“What the Heck is an Aperture?” Part One.May. 6, 2008
Photography is based on light. Did you know that?
As a matter of fact, “Photos” is the Greek word for “Light.” And I happen to know that only because I’m a homeschooling freak of nature and I teach my children Greek and Latin. When I feel like it.
Anyway, light is everything in photography, and how much (or how little) light enters your camera determines what your ultimate photo will look like.
Are you with me so far?
If too much light enters the camera, the photo will be OVEREXPOSED, or TOO BRIGHT, or BLOWN OUT.
Got it?
If too little light enters the camera, the photo will be UNDEREXPOSED, or TOO DARK, or…well, BLACK.
But the right amount of light allowed into the camera will result in a photo that is properly exposed, or JUST RIGHT.
“But How Does Light Enter the Camera?”
Good question! I asked it about forty million trillion thousand hundred billion times before it finally clicked. And here’s the answer: How much light enters the camera depends on two different things:
1. The Aperture
2. The Shutter Speed
(ISO setting also affects exposure, but we won’t cover that today.)
I had no dadgum clue what either Aperture or Shutter Speed meant when I picked up my camera for the first time, so let me break it down for you. And remember: I’m not a professional, which means I’m basically just feeling my way through this. So if something I say doesn’t make sense, please stone me in the public square so I can rephrase it.
1. The APERTURE is the circular mechanism inside your camera that opens and closes when a picture is taken. You can set the aperture to remain very open when the picture is taken, or you can set it to close very tightly when the picture is taken, and all degrees in between. The larger the aperture remains open when the photo is taken, the MORE light will enter the camera for each shot. The more tightly the aperture is allowed to close, the LESS light will enter the camera. The settings of the aperture openings are called “F-stops.” The confusing thing about the aperture is this: the larger the opening, the smaller the number. So:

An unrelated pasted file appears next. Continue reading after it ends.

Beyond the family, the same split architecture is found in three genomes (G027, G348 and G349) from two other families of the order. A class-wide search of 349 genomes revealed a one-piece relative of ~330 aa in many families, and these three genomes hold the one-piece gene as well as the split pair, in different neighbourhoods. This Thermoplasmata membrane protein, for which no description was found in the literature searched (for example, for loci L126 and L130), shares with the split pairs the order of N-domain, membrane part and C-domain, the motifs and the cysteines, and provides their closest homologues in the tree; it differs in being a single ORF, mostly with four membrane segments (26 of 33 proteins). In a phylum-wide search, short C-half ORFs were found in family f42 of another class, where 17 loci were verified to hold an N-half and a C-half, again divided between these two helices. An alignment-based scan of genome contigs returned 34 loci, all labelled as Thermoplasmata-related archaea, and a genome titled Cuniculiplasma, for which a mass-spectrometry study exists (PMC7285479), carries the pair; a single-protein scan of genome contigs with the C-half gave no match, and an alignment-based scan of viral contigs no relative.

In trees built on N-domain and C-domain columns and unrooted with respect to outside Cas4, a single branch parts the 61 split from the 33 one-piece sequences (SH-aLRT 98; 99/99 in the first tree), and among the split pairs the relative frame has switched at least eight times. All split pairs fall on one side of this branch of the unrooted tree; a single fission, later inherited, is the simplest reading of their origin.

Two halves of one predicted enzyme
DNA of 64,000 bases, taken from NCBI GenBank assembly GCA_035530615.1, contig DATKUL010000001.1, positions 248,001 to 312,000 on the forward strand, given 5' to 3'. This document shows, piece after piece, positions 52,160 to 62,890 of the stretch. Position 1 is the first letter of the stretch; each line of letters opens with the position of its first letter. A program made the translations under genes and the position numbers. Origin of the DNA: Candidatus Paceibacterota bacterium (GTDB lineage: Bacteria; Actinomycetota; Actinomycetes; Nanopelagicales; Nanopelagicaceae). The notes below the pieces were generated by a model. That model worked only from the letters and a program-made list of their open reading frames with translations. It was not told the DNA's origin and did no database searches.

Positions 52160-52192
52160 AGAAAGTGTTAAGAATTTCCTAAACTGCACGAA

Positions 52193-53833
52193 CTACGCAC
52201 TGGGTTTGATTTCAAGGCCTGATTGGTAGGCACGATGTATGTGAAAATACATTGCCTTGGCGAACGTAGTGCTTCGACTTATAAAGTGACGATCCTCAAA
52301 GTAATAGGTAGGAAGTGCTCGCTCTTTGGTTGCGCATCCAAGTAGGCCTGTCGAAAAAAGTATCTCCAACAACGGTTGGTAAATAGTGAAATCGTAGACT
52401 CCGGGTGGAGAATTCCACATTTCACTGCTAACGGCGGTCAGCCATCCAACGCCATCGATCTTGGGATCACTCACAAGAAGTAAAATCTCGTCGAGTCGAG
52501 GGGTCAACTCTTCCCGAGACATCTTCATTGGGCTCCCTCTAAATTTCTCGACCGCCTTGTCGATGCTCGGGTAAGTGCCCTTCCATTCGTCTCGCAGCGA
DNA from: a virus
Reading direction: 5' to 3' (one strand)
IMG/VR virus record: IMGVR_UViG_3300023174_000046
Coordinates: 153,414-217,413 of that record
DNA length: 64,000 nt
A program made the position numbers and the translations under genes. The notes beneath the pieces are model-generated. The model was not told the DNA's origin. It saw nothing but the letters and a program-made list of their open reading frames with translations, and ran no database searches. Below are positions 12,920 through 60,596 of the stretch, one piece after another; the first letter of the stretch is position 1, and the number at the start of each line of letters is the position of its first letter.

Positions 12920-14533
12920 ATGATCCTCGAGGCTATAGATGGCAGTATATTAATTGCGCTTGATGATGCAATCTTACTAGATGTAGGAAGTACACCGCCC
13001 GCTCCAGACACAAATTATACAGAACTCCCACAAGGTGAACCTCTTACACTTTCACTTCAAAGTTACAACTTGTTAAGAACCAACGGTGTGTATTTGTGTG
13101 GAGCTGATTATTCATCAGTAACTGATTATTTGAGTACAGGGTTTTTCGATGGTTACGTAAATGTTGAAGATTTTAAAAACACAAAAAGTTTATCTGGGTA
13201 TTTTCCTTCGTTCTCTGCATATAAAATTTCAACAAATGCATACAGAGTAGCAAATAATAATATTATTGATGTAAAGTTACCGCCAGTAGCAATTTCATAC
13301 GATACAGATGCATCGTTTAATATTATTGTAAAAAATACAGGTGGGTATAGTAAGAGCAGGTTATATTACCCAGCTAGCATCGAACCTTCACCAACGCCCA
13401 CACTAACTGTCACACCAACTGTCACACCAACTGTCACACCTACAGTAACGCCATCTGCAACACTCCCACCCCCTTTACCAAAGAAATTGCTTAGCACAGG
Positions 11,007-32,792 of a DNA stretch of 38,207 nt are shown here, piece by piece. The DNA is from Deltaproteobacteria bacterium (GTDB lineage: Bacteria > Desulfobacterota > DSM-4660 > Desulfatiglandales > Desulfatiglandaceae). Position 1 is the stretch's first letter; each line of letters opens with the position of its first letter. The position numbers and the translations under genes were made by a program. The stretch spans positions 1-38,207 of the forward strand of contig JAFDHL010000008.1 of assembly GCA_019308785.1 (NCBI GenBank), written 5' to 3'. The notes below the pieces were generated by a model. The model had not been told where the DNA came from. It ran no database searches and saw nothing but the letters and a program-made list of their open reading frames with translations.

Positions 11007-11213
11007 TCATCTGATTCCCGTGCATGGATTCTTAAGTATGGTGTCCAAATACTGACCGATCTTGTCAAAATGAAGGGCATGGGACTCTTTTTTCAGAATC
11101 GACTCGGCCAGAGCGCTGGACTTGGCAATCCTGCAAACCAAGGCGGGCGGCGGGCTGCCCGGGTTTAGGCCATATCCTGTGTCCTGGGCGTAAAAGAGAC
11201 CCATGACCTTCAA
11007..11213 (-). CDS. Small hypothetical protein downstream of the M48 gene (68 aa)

f22 would mean a very tightly closed aperture opening.
f1.4 would mean a very wide open aperture opening.

Tue Sep 01, 11:54:00 AM

Blogger Carissa(GoodnCrazy) said...

HOLY! I love this tute on aparture!!! Jason taught me a teeny tiny bit the other day when I needed to 'force' my camera to do a fill flash.. but THIS explains it all SOO much better!!!

Tue Sep 01, 02:47:00 PM

Blogger Lisa C said...

"The smaller the opening on your lens, LESS light is let in, which allows more of your photograph to be in focus."

Yes, and no. Yes less light is let in, which is why you will need a longer shutter speed to let in more light. Otherwise the image would go dark. It's not the amount of light that creates a greater depth of field (perceived focus) but rather the way the light is transmitted.

I don't totally get it either. It's one of those abstract mathematical things.

Tue Sep 01, 10:28:00 PM

Blogger Jason Appah said...


you should take Carlos Beccerras Advanced Digital Photography Class in the spring, you'd get a lot out of it, I know that I did! I'll make April take it with you!

BTW, your demonstration is control of depth of field :) with can be controled via the focal length of the lens or camera you're using and the apeture in concert.


for more nerdy talk on this:


Wed Sep 02, 09:57:00 PM


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Thanks for making the world so stinkin cute!